A sculptor, printmaker, and designer, Dina has been exhibiting and teaching in the Mid Coast since she moved to Maine from New York City in 2000. She's been teaching sculpture and printmaking with the University of Maine's Hutchinson Center since 2004 and in 2005 she opened the Post Office Studio Workshop in downtown Belfast. A production print studio, the PO workshop became the home of Belfast Bay Shade Company in 2012, and in January 2013 , Dina and her husband Ryan launched a new line of hand-printed botanical lampshades in New York City. 

Dina holds a BA in Human Ecology from College of the Atlantic, an MA in Arts and Art Education from Columbia University and an MFA in Interdisciplinary Arts from Goddard College. About her work as an artist and teacher, Rhode Island Poet Laureate Rick Benjamin writes, “Dina creates new pedagogies, new processes and forms that suit and accommodate her impulses and predilections as an artist-thinker. She consistently puts her hands in the earth– in the muck and the mire of animals, plants, minerals– in order to develop practices that are fully in touch and alive with the rest of the sentient world.” 

Creatura Botanica II: Human and Plant Forms Conjoined, a show of prints, encaustic, luminaires and sculptures opened in Emilia-Romagna Italy in April 2012 and hung until Castello di Galeazza collapsed in the May 2012 earthquakes that shook the Bologna region. Five pieces from Creatura just recently opened at Casa Del Mantegna in Mantova with works by German photographer Sven Fennema, and Greek and Ukrainian painters Pavlos Habidis and Juri Zurkan. A fellow College of the Atlantic alum, director of Corte Eremo and curator of Creatura, Clark Lawrence writes "….she (Dina) is fascinated by many tiny details in life that other people don't even notice - from the delicate patterns of tree trunks chewed by goats to the tiny ridges on leaves. Petrillo mainly uses what is around her, beginning by freely garnering materials, ideas, and images; then she begins to confidently combine and layer them into compositions of bees wax and papers, photographs, ink, paints, and plant material from her surroundings.” New Foundland artist Pam Hall writes “As a wildly ambitious and experimental print-maker and sculptor, Dina’s visual art walks the knife-edge between delicate and muscled – between full-bodied materiality and quiet conceptualism.”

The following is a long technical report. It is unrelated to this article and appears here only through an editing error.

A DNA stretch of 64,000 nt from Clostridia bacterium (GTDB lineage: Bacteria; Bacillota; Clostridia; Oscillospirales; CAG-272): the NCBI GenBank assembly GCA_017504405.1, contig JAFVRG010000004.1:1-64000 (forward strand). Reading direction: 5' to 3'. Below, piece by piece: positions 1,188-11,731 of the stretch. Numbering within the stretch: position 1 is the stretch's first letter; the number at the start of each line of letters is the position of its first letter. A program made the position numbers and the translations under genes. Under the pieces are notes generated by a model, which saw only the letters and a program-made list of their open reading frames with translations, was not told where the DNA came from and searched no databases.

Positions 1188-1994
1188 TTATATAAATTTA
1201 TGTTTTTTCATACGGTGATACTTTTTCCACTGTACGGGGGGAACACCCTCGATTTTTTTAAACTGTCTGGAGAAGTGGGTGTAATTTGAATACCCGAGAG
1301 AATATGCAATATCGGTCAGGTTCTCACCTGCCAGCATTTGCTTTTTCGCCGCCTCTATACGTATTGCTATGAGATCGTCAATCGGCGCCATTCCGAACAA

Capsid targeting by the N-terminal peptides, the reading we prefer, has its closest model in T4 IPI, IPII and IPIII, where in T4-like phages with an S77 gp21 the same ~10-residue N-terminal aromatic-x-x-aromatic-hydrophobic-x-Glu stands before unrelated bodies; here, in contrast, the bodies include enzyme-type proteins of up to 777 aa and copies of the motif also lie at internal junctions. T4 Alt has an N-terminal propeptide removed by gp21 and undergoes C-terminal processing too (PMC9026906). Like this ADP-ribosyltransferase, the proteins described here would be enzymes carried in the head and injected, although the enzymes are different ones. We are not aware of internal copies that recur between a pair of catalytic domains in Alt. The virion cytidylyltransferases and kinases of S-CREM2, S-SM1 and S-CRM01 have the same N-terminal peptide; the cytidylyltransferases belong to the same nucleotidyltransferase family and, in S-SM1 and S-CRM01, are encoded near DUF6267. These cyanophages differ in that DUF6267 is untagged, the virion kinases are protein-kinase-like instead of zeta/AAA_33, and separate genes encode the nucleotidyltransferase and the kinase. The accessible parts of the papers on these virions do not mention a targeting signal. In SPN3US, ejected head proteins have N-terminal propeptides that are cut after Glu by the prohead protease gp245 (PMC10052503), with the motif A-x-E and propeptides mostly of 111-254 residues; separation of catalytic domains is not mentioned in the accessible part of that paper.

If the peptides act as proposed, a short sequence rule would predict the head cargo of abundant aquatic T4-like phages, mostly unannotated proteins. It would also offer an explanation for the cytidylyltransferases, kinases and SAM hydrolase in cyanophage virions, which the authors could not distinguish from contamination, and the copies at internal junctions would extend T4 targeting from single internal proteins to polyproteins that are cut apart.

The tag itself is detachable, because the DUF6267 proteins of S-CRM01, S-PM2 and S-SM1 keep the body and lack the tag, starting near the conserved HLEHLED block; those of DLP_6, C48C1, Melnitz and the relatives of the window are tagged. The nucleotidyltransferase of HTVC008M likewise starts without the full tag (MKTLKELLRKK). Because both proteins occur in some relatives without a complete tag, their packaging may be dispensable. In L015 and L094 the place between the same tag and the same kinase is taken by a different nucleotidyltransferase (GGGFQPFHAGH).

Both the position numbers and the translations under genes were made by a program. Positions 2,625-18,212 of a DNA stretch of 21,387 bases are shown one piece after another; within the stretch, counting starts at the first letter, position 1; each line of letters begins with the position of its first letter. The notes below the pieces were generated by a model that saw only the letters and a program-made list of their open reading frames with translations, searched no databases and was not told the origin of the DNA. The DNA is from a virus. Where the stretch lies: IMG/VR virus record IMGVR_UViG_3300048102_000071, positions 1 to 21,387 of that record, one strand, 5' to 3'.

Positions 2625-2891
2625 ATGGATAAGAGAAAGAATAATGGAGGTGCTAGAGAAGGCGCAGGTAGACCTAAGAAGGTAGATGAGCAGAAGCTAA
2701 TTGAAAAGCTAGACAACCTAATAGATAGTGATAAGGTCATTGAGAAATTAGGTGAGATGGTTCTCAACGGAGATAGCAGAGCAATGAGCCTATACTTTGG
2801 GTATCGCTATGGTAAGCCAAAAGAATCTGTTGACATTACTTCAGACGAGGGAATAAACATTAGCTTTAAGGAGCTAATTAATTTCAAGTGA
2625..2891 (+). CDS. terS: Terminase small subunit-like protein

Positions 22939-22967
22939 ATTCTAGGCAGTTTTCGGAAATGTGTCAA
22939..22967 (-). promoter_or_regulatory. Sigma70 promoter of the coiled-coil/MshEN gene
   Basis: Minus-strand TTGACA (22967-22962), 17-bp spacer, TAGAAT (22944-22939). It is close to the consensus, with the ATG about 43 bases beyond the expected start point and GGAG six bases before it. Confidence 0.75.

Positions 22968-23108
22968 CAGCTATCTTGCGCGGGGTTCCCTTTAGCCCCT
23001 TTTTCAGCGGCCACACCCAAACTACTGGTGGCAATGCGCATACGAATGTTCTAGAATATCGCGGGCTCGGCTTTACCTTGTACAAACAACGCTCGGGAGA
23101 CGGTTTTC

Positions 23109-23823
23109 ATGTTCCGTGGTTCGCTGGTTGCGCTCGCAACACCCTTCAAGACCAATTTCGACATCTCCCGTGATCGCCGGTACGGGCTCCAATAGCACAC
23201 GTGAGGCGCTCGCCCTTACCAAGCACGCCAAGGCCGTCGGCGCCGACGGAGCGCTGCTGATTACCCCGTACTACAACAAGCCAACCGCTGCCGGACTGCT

“Human Tracks: Artful Dialogs with Place”, an ongoing arts and ecology project, ran at Brooklyn College in 2008 and 2009, and in 2011 with Peter Hocking at Goddard College. Working in situ at urban, rural, suburban and industrial sites, Human Tracks enlists art forms (materials-based and performative) for investigating the biological and cultural edges shared by humans and their non-human world. Dina has received Vermont Studio Center and Rockefeller scholarships and serves on the board of Waldo Arts Mission. She lives in Thorndike, Maine with her husband, three dogs and two goats.

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